“Every time we’re at the dinner table, he’ll drop one of his footy stories.”
These are the words of Sam, 17, who says his old man, Bruce, 51, relentlessly reminds him and his family of when he played for the Sturt Football Club during the 1990 season.
“If it wasn’t for me [sic] knee, I would have played AFL footy — no doubt about it,” Bruce insists.
“Some said I had the best vertical leap in the comp and I’d already been in talks with the inaugural Crows team.”
Bruce’s wife, Debbie, says she has a glass of bubbly with dinner to help drown out her husband’s stories.
“Brucey is obviously very passionate about the game,” Debbie said.
“I know he stretches the truth — I just don’t have the heart to challenge the poor bastard.”
It turns out Bruce was dropped following his first year of reserves at the Double Blues — in the three games he played that season, he managed just one goal and 8 disposals.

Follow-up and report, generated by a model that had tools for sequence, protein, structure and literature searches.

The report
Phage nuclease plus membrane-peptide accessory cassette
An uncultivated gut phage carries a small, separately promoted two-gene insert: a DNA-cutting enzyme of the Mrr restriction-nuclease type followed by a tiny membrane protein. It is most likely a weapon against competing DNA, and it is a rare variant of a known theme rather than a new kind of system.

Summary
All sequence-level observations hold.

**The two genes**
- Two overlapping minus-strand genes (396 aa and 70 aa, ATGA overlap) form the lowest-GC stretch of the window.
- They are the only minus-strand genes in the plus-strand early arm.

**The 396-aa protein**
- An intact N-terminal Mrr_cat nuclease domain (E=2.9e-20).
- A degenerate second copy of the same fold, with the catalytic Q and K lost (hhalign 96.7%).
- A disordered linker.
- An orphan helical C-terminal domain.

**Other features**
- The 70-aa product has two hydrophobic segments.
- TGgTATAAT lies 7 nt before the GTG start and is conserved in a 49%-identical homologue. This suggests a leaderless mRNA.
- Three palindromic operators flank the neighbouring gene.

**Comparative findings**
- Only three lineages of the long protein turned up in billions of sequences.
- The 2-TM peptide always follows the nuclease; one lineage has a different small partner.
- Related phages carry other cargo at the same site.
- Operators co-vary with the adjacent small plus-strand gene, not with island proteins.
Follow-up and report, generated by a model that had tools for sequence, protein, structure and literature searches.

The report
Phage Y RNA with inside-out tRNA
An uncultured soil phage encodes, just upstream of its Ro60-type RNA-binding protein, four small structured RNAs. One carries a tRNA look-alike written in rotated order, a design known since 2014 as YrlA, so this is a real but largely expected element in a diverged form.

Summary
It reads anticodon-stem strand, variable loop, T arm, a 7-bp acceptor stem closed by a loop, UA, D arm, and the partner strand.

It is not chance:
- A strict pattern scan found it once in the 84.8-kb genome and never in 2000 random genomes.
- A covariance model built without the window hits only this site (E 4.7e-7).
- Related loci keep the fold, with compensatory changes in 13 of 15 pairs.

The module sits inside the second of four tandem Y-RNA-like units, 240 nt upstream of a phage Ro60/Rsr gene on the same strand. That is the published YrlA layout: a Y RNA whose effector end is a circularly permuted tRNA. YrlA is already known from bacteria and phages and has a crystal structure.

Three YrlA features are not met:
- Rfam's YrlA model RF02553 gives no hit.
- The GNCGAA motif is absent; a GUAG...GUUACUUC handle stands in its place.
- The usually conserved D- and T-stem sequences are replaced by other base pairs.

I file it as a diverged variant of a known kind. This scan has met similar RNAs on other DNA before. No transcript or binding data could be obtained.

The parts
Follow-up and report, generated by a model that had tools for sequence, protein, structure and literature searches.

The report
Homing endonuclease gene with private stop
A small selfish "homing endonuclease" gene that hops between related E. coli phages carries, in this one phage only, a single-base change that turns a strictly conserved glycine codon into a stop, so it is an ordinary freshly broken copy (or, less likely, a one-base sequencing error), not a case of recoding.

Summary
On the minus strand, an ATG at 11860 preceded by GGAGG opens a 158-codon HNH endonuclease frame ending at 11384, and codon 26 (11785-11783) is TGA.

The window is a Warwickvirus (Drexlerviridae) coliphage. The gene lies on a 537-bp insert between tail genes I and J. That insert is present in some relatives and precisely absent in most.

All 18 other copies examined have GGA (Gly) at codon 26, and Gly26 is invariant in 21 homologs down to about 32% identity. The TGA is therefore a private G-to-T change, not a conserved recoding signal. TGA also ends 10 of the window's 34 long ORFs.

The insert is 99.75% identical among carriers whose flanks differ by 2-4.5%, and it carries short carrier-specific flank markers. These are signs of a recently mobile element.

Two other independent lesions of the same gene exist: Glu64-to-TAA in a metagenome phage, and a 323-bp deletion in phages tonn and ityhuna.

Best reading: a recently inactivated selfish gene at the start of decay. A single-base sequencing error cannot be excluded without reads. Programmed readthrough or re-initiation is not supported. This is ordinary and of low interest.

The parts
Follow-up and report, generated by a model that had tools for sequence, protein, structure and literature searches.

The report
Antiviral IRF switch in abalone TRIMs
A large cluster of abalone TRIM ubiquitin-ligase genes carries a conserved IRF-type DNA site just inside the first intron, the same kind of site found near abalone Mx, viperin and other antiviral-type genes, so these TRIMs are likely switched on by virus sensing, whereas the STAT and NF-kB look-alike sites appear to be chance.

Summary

These days, Bruce can be found downing mid-strength beer, punting at the races, or describing the depth of his knee injury at his trusty local.
“After I did me [sic] bloody knee, it really opened the floodgate for Tony Modra to become the big thing at the Crows,” Bruce said.
“Fair dinkum could have been me, but as they say, life is like a box of chocolates.”
Bruce’s son, Sam, who is aspiring to play professional footy, says his old man assures him he’ll be by his side when he makes it.
“Dad reckons he knows a few scouts out at St Kilda and Richmond from his playing days and that he’ll put in a good word for me,” Sam said.
“But whenever I ask anyone about him they have no idea who he is.”
Featured Image: Matthew Kenwrick